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Danger CEO sure he picked the right horse

In an interview, Hank Nothhaft says Microsoft--and not life as an independent public company--was the best option for Danger. Nothhaft says he'll stay on through the deal's close, but is headed to greener pastures once Microsoft's done integrating Danger.

Hank Nothhaft has pretty much the same approach as a CEO that he does as a thoroughbred owner--try to guide the race horse to the winner's circle.

Nothhaft, who has been running Danger since 2002, has known for some time that the company needed more resources to fulfill its potential.

For months, the company has been talking to Microsoft about strategic possibilities. At the same time, Danger had also filed an initial public offering to stay independent and raise money.

Ultimately, though, Nothhaft decided that the company really needed to be part of a bigger stable. Hence, Monday's announcement that Danger is being sold to Microsoft.

Even if it had raised a bunch of money through a stock deal--and market conditions are pretty tough right now--Danger still would have been limited by investor expectations in how much it could invest in research.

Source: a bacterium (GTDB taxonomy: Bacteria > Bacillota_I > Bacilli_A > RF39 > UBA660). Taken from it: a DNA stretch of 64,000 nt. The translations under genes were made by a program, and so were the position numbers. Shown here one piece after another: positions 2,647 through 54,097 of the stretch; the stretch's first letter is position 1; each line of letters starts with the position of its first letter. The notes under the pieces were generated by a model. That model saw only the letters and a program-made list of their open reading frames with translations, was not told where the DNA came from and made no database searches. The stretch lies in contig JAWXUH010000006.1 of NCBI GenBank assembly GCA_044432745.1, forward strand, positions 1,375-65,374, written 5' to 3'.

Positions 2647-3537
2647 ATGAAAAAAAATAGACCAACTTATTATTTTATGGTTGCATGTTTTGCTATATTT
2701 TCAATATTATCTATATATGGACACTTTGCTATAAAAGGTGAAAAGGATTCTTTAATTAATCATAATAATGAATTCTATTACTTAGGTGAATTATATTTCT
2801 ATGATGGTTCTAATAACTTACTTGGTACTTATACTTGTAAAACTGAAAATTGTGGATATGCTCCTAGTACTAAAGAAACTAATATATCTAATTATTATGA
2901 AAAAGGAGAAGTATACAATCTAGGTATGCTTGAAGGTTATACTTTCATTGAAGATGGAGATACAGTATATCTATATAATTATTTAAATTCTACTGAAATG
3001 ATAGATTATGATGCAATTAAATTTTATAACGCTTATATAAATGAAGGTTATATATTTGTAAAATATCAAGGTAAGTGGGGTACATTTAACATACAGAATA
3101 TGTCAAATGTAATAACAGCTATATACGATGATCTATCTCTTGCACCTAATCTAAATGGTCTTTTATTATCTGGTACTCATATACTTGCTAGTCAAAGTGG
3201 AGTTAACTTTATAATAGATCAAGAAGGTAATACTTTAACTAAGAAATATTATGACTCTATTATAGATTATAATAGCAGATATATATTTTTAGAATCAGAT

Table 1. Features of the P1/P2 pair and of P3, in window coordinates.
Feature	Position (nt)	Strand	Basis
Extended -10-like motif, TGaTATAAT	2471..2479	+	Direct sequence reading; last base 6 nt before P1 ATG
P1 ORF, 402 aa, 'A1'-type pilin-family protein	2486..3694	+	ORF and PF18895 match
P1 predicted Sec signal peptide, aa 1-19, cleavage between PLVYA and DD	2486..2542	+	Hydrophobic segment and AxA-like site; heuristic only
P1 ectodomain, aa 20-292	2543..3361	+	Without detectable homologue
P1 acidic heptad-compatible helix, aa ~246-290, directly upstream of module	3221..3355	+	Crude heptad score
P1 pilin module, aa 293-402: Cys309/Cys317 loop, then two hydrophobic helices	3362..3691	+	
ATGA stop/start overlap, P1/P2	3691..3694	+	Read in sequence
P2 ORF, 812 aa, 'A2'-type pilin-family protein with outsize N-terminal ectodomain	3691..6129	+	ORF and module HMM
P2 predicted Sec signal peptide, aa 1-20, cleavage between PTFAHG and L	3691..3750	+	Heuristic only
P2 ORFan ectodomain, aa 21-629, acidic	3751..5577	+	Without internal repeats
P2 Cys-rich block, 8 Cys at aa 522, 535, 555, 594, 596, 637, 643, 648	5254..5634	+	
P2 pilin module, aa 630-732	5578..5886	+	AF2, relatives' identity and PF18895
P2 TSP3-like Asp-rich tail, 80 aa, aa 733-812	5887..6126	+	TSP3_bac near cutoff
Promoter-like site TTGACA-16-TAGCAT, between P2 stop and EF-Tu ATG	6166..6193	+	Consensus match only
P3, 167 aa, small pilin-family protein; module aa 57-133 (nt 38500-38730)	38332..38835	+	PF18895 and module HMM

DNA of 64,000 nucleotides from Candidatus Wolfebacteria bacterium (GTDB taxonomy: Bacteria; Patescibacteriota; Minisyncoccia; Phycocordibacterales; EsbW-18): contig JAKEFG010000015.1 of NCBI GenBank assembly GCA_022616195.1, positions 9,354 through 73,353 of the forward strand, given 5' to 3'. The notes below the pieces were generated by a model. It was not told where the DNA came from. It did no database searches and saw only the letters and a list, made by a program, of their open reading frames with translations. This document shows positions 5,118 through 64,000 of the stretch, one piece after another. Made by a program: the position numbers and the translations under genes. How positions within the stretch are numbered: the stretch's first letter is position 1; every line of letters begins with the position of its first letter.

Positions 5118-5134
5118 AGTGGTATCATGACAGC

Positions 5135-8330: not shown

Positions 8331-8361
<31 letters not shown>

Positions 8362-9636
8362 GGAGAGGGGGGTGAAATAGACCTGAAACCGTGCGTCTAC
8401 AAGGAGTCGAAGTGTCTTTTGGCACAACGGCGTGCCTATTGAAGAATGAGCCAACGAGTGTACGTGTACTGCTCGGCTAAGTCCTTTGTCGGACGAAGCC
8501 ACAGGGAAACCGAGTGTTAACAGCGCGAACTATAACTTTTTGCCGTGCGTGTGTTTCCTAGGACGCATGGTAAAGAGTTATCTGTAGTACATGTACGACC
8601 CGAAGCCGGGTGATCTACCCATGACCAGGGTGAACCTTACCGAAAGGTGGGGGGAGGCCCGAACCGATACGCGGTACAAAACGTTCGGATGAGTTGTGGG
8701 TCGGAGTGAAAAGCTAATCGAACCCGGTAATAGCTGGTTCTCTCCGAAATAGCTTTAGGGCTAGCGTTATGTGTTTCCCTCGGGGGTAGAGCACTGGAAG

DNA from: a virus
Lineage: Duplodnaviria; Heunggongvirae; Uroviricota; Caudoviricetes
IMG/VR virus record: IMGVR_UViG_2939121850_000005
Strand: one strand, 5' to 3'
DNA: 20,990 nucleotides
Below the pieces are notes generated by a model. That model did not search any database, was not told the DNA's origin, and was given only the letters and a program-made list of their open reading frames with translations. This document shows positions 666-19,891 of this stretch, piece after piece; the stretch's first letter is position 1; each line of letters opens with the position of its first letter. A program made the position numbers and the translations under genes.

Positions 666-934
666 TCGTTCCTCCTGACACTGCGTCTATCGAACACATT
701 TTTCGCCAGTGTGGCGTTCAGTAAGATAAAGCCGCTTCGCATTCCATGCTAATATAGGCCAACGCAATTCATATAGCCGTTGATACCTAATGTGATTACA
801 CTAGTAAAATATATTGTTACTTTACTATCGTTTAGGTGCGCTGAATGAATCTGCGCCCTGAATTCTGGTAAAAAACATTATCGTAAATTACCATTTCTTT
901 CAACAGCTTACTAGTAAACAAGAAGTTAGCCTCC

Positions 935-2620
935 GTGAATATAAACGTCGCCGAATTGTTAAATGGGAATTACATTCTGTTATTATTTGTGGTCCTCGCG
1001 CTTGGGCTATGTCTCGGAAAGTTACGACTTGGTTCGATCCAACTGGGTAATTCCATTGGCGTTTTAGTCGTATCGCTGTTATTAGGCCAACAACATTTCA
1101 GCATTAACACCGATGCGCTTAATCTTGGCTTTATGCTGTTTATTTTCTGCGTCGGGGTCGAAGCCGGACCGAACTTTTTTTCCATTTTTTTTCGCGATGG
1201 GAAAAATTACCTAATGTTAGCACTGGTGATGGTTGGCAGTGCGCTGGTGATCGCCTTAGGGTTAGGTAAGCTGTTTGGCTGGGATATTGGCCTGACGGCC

Microsoft, meanwhile, can afford to invest as much in the market as the business justifies, particularly given the company's desire to do better in the consumer market.

The talks started last summer, Nothhaft said, even before Danger went forward with its IPO plans. The deal was code-named Party of Two, the name of one of Nothhaft's horses. He wouldn't say if other companies entered the picture, but he did say he owns 10 other horses.

An IPO might have been tough, although Nothhaft said that route remained open. "Market conditions will improve and I'm sure we could have executed an IPO at some point in the near future."

But, in the end, he said, Microsoft was the best fit for Danger, if not for himself.

Nothhaft said he plans to stay on through the deal's close and a short while longer "to make sure everything gels," but he won't be staying at Microsoft. Nothhaft said he hasn't decided what he's doing next, but said he doesn't plan on retiring.

"There's too much going on in the mobile Internet and it's too exciting," he said.